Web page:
Orson Welles. Photo © by Filmmuseum Muenchen / Orson Welles Collection

Da capo (da ka`po) adv. Abbr. DC Music From the beginning. Used as a direction to repeat a passage. [Italian : da, from + capo, head.]

The American Heritage Dictionary (1)

I. Introduction

What does the phrase ‘the cinema of Orson Welles’ evoke? For too many, its meaning is limited to the 12 feature films Welles completed and released during his lifetime. But there is more to Welles than what we think we know of him: for every one of those 12 features, there are dozens of unseen works of varying stripes: fragments, test shots, rushes, and even a few nearly finished films which, for various reasons (usually legal or financial), Welles was unable to complete or release during his lifetime. In the category of ‘nearly finished films’ is The Deep, a thriller shot in the late ’60s upon which Welles suspended work either because his leading man, Laurence Harvey, had died unexpectedly or because he simply decided there were more important projects to funnel his money into. Another almost complete work is The Other Side of the Wind, a satire of Hollywood made between 1970 and 1976; the film was reportedly fully shot and partially edited by Welles when legal complications involving the film’s financiers prohibited him from completing a final cut. Welles also toiled quite happily on Don Quixote from 1955 until his death, making it perhaps the most famous Welles film viewed as ‘lost.’ Jonathan Rosenbaum, for one, believes that the raw footage (not the version Jess Franco stitched together in 1992) constitutes an achievement greater than either of the two projects mentioned above. And even this inventory – which doesn’t take into account the plethora of rougher, more openly unfinished works Welles left behind – is merely cursory.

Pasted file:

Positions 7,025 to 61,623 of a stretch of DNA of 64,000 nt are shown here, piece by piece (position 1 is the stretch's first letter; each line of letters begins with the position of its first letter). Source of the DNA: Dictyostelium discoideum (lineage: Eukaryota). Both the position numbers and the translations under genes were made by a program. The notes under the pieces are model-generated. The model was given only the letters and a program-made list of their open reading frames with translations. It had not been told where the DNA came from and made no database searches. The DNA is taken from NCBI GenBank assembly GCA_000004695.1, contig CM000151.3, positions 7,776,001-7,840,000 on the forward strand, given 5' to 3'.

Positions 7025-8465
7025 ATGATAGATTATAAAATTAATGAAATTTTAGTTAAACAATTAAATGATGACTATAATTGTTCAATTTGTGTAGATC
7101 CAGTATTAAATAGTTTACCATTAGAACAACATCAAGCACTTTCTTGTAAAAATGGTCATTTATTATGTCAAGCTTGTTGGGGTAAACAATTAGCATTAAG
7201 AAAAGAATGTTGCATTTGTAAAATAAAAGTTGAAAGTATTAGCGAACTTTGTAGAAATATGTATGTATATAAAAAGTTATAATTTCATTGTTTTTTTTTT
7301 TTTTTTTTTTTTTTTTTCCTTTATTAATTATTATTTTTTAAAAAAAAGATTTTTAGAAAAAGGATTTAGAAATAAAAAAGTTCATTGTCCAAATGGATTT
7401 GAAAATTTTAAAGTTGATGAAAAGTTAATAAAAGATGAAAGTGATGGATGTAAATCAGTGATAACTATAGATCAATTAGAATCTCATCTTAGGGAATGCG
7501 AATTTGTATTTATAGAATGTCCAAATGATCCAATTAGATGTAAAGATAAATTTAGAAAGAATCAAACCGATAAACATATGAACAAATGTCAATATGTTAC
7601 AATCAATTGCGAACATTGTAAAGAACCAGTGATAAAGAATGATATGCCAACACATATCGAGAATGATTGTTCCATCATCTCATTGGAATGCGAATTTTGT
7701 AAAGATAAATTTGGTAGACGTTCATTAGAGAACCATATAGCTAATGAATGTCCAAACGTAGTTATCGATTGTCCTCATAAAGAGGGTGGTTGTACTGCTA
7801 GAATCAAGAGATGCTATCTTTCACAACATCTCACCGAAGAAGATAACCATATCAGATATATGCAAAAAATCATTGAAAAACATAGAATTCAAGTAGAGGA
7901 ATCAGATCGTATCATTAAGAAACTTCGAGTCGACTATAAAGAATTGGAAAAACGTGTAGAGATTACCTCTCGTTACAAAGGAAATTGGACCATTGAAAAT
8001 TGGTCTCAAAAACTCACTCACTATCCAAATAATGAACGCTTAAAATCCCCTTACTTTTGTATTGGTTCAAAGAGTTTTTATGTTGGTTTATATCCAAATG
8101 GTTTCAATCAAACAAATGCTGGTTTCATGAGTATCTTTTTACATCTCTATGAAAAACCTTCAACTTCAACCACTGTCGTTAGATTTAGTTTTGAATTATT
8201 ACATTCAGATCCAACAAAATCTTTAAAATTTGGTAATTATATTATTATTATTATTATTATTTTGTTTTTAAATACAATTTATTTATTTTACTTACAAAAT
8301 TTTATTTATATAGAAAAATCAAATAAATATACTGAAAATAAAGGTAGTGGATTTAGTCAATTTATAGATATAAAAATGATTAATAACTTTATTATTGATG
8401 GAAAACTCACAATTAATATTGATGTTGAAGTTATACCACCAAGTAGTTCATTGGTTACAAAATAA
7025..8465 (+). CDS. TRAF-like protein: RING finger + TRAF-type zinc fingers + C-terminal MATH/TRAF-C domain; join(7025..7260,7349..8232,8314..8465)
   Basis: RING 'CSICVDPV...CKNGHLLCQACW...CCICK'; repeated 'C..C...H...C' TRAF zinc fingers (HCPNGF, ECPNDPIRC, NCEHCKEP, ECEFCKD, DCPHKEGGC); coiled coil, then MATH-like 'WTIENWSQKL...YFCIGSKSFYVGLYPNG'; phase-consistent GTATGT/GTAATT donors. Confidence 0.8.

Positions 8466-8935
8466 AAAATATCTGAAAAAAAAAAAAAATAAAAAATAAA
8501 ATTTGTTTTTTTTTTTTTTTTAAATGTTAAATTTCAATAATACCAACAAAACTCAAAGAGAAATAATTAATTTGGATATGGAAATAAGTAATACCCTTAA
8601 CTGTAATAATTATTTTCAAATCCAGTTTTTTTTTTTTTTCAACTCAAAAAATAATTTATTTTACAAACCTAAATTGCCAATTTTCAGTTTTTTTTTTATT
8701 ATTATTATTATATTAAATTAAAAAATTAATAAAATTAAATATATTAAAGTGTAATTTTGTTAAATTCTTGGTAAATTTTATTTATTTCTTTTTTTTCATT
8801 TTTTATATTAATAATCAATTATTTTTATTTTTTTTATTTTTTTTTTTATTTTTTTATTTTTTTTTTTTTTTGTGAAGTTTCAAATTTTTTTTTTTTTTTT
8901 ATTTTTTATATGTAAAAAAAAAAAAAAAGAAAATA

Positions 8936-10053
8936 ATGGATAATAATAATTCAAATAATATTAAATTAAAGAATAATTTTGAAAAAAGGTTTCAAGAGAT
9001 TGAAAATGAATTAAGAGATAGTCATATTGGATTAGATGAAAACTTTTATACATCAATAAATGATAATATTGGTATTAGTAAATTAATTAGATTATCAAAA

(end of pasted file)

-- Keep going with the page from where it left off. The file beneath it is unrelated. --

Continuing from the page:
Orson Welles' London. Photo © by Filmmuseum Muenchen / Orson Welles Collection